US vows to uphold its end of nuke deal
As Manmohan Singh sought a vote of confidence in his government over the India-US civil nuclear deal, Washington reaffirmed its commitment to uphold its end of the historic agreement even as the White House praised the Indian prime minister's own commitment to it
"The United States is fully committed to doing everything it can to move this agreement forward to its completion," US State Department Spokesman Sean McCormack said Thursday welcoming New Delhi's move to go ahead with the deal despite the threat to its coalition government.
Hailing India's approach to the International Atomic Energy Agency (IAEA) overriding domestic political impasses that had stalled the deal for over a year due to Left parties' opposition, he said: "This is really a signal that India intends to move forward with this significant strategic step."
While acknowledging that time was short for getting final approval in the US Congress before President George Bush, who looks at the India deal as a major foreign policy achievement, leaves office in January, McCormack said the administration was making all efforts to do so.
Apart from completing a safeguards agreement for its civil nuclear facilities with the IAEA, India also needs to secure approval from the 45-nation NSG, which governs global nuclear trade before the implementing 123 agreement comes up for final approval in the US Congress.
"We very much welcome India's step, look forward to talking about the issues not directly under our control, i.e., what we're going to do with the Congress, but in the Nuclear Suppliers Group (NSG) as well as the IAEA," the spokesman said.
The administration had been in regular contact over the past several months with the Congress on the issue, but he did have a timeline for its submission to the legislature. But "a lot of that is under the control of the Congress, the House and the Senate," he said.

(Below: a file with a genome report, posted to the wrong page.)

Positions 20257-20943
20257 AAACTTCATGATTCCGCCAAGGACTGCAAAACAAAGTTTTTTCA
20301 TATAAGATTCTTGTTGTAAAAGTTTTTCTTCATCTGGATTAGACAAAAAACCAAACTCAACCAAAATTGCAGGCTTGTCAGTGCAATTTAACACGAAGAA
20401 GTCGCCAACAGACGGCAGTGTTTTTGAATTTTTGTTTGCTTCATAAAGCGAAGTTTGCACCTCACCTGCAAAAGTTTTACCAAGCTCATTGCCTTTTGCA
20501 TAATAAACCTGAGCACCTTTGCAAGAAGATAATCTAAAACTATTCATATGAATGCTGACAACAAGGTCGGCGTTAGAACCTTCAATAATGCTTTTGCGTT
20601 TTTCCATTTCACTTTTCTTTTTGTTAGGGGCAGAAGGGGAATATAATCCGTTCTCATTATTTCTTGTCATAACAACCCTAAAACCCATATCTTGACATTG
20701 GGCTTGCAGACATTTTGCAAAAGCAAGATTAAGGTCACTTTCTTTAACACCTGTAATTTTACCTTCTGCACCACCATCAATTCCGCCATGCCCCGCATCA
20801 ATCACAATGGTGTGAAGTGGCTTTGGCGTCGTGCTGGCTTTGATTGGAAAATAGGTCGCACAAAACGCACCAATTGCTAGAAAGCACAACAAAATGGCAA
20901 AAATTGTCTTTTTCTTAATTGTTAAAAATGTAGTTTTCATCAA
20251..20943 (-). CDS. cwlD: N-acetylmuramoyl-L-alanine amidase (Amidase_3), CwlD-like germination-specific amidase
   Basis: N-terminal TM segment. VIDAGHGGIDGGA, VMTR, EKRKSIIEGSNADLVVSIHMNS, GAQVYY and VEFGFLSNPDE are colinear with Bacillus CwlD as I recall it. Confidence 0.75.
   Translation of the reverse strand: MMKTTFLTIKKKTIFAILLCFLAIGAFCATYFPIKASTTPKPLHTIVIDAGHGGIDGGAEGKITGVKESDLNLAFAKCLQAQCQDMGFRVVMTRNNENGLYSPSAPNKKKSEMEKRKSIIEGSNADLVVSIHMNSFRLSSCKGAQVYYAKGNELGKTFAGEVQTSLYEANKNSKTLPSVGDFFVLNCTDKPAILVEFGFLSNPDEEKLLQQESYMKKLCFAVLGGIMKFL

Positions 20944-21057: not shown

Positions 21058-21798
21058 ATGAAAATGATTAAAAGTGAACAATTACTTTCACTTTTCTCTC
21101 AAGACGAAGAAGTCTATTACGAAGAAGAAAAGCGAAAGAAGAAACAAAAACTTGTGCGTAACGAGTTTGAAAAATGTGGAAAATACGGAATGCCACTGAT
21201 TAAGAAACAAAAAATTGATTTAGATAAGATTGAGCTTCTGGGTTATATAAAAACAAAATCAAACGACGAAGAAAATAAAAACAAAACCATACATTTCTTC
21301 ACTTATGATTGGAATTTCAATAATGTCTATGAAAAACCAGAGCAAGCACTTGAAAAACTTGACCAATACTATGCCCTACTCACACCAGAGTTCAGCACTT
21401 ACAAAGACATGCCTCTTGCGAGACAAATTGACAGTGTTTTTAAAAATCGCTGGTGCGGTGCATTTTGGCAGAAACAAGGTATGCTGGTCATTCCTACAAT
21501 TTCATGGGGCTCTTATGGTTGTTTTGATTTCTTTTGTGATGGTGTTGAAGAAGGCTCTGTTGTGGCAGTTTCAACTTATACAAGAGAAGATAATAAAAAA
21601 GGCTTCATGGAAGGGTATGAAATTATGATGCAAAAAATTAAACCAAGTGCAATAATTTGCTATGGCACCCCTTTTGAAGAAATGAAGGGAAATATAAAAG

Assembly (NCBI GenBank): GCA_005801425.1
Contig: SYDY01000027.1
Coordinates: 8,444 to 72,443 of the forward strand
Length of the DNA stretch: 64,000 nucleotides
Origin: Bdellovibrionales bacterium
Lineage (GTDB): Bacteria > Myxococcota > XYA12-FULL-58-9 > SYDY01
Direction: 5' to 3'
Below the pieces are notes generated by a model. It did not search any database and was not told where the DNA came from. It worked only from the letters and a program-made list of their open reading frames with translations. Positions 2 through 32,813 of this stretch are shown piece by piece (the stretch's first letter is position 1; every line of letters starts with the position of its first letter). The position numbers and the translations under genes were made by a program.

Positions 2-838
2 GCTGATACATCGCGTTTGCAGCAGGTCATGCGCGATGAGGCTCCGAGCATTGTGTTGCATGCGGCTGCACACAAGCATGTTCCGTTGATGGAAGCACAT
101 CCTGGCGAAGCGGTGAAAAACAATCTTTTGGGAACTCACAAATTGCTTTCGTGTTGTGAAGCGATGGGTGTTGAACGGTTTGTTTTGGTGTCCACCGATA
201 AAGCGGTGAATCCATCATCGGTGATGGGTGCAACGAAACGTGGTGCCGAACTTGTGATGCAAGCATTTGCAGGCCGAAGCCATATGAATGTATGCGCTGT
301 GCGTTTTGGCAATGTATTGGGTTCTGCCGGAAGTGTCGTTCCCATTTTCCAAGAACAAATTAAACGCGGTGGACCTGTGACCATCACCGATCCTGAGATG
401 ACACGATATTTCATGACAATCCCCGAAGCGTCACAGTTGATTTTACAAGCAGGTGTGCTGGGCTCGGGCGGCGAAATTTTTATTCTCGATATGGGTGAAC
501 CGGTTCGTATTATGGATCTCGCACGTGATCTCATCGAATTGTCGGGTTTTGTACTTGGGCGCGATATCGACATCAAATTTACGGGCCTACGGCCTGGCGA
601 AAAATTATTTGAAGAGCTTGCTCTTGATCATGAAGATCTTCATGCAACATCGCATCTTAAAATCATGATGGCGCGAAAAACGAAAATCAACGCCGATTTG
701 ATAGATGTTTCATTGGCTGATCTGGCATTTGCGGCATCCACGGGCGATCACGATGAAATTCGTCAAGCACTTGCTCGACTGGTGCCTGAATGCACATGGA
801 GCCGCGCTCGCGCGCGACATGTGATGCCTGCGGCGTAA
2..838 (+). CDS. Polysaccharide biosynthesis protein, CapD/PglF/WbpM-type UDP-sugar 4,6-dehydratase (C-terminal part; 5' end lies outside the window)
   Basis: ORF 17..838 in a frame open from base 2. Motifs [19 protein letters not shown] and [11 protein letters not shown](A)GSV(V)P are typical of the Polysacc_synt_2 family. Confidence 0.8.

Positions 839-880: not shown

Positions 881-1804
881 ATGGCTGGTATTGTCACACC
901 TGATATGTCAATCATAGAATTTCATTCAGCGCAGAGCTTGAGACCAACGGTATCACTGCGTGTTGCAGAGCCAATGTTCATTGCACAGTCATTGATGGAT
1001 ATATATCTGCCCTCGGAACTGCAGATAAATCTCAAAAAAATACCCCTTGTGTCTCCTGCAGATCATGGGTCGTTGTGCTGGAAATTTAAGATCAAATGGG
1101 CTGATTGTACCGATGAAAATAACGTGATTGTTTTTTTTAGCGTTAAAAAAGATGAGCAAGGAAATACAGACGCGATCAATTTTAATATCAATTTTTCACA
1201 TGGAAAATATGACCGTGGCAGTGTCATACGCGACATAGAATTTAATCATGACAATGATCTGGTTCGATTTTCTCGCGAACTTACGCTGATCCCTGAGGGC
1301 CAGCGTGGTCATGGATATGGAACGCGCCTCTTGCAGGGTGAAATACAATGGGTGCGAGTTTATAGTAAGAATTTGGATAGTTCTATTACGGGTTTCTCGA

"We have also more recently been in contact with the (Capitol) Hill regarding moving this process forward so that we can fully implement the agreement," he added.
Reiterating the administration's commitment to the deal, McCormack said: "Certainly, you should know and the Indian people should know that our commitment to moving forward the agreement is a sign of the fact that this agreement is in our national interest.
"It also demonstrates the great respect we have for India, the Indian people, and the kind of relationship that we want to have with India in the future," he said.
Asked if the US got to see the India specific safeguards agreement for India 's civil nuclear reactors before it was submitted to the IAEA, McCormack parried: "Tell you the truth, I don't know," adding "We look forward to discussing the issue at the IAEA Board of Governors meeting."
Nor would he say if the US had seen anything in the draft that might be objectionable to Washington. "I know that this was an effort that the Indian Government was working with the IAEA directly," he said. "Certainly, as a member of the Board of Governors, we're going to have an opportunity to talk about these issues."
"This is really a signal that India intends to move forward with this significant strategic step in terms of not only a different kind of relationship, but in a different kind of relationship with some of these international organizations that are involved in civilian nuclear power," McCormack said.
"So this is a very significant step forward for India in terms of its development of civilian nuclear power, but also it's a very important step for the international non-proliferation regime," he said.
Asked if the US had given India any assurance about getting the deal completed this year before the Manmohan Singh took the risk of losing a vote on it, McCormack said while the US did follow the issue "quite closely" through its mission in New Delhi, but the decisions were Indian government's alone.